Designer Bonnie Cashin American
Not on view
Bonnie Cashin created award-winning clothing known for its casual comfort. As the daughter of a dressmaker, she was exposed to textiles and fashion nearly from birth and began designing professionally in 1925, at age 17. Prior to establishing her own company in 1951, she designed for Adler & Adler and Twentieth Century-Fox. Thereafter she worked with manufacturers such as Sills and Co. and Coach to offer fashion and accessories in every price bracket. She was adept at manipulating organic components into modern basics which could easily be mixed, matched and layered for the active woman. Her brightly colored leather trim, metallic toggle hardware and shaped knits are still a recognizable trademark of her work today. In 1962 the Brooklyn Museum, with her assistance and donations, staged, "Bonnie Cashin Presents Her Living Sketch Book," which was a retrospective of her work. Cashin's forethought to preserve her past while still designing is one which makes her work still accessible today.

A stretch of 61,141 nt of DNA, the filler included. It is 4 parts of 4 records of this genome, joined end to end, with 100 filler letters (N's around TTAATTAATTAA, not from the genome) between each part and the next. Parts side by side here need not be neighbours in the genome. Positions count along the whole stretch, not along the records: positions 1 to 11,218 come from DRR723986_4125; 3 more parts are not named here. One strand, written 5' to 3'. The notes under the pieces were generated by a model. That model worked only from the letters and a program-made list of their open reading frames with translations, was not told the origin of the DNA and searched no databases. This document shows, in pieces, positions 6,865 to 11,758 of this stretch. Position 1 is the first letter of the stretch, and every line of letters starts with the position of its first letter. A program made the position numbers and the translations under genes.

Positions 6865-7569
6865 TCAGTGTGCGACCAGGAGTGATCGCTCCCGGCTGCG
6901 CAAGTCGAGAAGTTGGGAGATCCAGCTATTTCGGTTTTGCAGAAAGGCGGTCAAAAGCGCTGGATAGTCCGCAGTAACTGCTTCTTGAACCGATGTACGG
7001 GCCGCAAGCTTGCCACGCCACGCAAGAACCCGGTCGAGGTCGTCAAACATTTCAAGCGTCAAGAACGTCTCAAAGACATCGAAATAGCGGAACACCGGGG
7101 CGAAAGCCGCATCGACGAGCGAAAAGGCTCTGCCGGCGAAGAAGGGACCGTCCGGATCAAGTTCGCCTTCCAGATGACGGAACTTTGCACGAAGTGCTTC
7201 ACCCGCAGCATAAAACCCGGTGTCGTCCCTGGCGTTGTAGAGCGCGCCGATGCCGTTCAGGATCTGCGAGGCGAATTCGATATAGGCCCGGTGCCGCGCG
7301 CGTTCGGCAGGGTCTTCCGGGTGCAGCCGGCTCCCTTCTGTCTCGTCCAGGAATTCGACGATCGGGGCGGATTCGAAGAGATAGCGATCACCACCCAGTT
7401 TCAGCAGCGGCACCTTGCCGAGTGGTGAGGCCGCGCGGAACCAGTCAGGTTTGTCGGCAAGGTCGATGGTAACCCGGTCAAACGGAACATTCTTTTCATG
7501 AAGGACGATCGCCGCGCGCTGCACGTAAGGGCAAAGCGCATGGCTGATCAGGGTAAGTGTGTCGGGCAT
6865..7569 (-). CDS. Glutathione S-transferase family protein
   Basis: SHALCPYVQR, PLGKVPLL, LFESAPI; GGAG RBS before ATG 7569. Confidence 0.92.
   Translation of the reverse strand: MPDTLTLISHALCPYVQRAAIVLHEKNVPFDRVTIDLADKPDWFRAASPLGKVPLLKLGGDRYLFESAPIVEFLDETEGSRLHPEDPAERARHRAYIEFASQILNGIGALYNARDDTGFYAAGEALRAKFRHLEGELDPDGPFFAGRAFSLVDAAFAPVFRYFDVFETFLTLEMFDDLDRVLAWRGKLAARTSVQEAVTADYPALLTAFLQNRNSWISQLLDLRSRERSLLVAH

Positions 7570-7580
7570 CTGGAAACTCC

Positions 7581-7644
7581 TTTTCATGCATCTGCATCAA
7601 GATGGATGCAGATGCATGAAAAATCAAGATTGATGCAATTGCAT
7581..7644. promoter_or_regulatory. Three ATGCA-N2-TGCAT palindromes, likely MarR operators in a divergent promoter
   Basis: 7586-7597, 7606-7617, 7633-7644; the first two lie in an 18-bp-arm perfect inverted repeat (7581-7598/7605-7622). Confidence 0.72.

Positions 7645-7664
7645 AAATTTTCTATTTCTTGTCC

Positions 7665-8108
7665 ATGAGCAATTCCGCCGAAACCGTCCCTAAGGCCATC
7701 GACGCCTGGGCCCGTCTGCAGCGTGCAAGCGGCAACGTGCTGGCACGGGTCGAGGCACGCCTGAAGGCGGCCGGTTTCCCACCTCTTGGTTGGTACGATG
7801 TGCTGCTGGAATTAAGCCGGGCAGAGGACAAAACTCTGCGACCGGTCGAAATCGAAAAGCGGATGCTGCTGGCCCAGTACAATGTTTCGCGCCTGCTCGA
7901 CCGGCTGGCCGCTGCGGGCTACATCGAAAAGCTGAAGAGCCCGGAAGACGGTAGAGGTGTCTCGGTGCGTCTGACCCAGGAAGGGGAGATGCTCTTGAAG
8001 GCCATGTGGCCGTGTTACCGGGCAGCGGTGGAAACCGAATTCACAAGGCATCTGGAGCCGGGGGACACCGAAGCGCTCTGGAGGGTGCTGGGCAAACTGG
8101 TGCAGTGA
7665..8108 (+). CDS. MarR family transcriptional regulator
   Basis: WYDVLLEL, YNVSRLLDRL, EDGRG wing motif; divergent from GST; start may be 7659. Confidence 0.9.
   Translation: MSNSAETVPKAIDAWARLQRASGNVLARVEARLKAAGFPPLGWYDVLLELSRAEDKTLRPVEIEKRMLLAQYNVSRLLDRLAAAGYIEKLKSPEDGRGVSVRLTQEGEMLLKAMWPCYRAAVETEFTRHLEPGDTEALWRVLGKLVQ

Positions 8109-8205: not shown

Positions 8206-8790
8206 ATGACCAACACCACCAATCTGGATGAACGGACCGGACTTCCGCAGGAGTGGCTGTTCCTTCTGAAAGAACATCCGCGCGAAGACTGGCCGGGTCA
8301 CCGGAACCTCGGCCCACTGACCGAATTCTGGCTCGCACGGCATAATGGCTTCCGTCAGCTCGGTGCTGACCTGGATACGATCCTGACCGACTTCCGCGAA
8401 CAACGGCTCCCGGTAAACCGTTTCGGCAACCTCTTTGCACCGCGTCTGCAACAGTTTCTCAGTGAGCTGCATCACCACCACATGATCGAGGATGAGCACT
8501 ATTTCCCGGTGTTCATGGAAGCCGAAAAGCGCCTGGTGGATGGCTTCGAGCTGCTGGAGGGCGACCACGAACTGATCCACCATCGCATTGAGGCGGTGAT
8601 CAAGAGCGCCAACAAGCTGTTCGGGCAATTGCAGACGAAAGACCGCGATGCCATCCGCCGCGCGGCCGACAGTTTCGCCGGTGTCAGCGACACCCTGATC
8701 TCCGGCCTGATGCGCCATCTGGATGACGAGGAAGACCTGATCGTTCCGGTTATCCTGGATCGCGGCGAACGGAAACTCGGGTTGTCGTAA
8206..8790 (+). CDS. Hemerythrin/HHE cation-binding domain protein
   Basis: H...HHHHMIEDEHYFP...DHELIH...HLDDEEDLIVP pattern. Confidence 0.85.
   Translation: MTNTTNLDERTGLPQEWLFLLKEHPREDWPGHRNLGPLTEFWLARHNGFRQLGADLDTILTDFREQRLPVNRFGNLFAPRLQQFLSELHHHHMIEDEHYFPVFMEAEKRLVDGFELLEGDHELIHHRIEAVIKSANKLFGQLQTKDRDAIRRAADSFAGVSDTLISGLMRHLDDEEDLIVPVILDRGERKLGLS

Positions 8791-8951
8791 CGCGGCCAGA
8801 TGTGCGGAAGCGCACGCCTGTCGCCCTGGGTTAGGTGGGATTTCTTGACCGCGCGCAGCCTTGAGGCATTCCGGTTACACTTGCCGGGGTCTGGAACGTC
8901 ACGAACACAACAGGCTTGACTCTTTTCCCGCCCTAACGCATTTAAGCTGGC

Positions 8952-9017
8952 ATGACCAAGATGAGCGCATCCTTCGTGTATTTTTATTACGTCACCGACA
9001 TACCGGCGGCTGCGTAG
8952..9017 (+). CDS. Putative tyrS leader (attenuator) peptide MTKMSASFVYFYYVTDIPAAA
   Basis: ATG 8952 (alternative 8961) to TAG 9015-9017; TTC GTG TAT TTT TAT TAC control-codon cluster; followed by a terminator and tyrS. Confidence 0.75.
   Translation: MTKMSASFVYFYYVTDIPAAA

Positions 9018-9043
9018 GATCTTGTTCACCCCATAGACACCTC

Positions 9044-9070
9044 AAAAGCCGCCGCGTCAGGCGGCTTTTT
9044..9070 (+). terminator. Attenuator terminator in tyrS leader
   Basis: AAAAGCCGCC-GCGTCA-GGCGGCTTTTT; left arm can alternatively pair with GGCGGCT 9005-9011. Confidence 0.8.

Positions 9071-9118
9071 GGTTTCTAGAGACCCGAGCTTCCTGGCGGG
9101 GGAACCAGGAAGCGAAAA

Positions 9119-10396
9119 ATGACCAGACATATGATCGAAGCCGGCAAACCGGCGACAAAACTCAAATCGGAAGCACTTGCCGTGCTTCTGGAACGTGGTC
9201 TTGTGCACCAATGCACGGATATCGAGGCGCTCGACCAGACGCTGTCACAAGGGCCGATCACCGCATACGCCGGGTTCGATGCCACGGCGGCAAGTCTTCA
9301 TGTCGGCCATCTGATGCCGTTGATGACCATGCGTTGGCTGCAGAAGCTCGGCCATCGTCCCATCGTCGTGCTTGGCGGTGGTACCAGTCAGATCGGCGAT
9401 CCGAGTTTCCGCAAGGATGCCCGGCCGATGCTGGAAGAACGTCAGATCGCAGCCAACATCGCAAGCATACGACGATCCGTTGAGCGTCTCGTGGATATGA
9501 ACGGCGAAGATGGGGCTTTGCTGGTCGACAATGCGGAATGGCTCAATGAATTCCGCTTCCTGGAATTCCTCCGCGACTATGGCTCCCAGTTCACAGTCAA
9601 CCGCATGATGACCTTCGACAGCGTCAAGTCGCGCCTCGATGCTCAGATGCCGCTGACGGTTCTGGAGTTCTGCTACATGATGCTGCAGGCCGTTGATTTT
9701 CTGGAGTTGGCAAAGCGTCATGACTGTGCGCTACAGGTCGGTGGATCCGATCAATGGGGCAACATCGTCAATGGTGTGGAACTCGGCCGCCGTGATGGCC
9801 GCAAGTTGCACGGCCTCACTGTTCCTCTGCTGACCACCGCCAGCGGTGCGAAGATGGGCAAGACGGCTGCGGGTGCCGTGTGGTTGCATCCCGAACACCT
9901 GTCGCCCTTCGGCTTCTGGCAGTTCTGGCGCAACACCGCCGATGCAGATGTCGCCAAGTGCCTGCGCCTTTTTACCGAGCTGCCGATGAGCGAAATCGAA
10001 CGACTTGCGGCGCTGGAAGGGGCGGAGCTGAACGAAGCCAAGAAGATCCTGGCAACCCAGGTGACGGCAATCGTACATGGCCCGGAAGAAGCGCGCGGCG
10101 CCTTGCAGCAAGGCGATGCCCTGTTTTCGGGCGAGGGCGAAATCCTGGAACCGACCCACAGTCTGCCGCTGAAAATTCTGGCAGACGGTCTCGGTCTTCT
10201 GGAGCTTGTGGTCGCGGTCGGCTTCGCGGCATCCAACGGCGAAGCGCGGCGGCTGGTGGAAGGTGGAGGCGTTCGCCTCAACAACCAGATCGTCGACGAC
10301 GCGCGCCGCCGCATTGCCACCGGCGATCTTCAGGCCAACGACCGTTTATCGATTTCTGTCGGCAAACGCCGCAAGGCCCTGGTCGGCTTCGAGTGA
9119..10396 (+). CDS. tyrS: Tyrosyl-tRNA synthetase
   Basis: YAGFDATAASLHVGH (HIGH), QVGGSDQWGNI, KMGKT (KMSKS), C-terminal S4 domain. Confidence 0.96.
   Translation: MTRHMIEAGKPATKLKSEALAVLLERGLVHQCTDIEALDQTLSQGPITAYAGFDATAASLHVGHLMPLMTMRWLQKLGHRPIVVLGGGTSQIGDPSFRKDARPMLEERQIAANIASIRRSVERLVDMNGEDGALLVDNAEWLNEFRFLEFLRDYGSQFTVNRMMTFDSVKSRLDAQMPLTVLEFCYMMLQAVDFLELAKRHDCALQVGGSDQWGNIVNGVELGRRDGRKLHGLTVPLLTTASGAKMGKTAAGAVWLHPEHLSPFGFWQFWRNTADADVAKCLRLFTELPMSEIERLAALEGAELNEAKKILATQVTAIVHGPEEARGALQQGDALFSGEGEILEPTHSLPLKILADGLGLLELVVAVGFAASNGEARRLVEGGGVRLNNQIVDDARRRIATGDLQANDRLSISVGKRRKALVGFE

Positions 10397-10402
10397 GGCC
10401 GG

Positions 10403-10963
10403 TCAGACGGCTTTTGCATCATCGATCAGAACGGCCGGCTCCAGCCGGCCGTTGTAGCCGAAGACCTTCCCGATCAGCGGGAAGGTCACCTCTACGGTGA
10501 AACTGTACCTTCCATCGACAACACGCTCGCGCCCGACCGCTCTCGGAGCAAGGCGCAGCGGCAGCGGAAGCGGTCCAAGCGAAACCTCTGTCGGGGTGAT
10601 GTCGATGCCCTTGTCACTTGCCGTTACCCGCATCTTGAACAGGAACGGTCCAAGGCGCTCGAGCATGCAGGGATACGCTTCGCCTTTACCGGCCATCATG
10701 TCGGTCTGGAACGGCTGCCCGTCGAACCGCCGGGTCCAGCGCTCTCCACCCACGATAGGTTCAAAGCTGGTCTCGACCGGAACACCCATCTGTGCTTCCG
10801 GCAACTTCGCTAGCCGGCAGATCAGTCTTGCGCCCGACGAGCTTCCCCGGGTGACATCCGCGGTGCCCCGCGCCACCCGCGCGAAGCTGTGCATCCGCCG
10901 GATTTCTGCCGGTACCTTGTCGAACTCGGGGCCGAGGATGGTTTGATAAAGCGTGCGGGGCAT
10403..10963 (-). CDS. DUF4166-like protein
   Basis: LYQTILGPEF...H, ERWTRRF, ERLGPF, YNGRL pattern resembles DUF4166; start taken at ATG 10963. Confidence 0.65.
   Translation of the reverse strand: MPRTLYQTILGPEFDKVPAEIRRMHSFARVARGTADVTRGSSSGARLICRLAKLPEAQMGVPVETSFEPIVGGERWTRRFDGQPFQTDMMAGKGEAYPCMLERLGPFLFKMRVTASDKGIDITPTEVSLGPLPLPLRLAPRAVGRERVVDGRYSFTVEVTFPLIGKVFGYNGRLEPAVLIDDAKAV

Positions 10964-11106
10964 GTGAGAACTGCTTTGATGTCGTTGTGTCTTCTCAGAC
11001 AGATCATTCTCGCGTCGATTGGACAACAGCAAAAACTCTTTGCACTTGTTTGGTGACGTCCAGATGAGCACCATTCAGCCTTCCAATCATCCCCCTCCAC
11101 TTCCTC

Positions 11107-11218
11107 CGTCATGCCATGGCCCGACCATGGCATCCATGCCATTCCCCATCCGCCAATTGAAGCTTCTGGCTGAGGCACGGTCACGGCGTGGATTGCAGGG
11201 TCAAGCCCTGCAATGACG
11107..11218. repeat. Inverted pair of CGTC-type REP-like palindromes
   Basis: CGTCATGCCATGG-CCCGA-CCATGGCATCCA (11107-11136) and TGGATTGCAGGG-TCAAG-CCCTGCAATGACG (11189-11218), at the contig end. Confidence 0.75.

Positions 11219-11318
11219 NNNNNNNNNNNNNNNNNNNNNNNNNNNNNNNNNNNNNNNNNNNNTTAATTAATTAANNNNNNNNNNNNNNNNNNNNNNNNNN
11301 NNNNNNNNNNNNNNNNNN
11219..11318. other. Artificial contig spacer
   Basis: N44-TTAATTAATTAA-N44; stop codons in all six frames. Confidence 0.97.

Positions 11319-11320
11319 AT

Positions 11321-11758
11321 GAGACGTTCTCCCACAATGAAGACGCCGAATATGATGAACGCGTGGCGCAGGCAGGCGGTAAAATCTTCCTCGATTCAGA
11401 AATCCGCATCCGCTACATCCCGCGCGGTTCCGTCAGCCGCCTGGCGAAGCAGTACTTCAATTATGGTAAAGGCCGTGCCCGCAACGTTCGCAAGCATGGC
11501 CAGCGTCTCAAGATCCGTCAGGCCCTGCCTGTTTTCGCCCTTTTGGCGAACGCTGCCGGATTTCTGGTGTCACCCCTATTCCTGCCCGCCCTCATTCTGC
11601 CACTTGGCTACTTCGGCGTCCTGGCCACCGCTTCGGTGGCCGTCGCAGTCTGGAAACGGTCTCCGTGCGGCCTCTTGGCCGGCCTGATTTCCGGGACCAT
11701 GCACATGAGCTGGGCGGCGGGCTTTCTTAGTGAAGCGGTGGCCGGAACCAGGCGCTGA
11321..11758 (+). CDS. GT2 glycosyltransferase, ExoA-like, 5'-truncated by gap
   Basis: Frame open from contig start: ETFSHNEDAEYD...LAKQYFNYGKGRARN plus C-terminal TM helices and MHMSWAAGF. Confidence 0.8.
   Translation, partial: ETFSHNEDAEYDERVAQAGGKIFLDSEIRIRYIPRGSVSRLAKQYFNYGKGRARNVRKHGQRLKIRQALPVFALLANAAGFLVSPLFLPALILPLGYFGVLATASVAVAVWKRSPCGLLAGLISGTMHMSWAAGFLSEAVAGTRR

Cashin's play on size continually appears throughout her work. This baby doll style ensemble is an example where an oversized blouse, which looks like it could be a younger girl's dress, enhances the slimness of the skirt, a contradiction from the time of the "New Look." Simple design elements, such as the three-quarter length sleeves, scoop neck and rounded pockets, further enhance this play on size.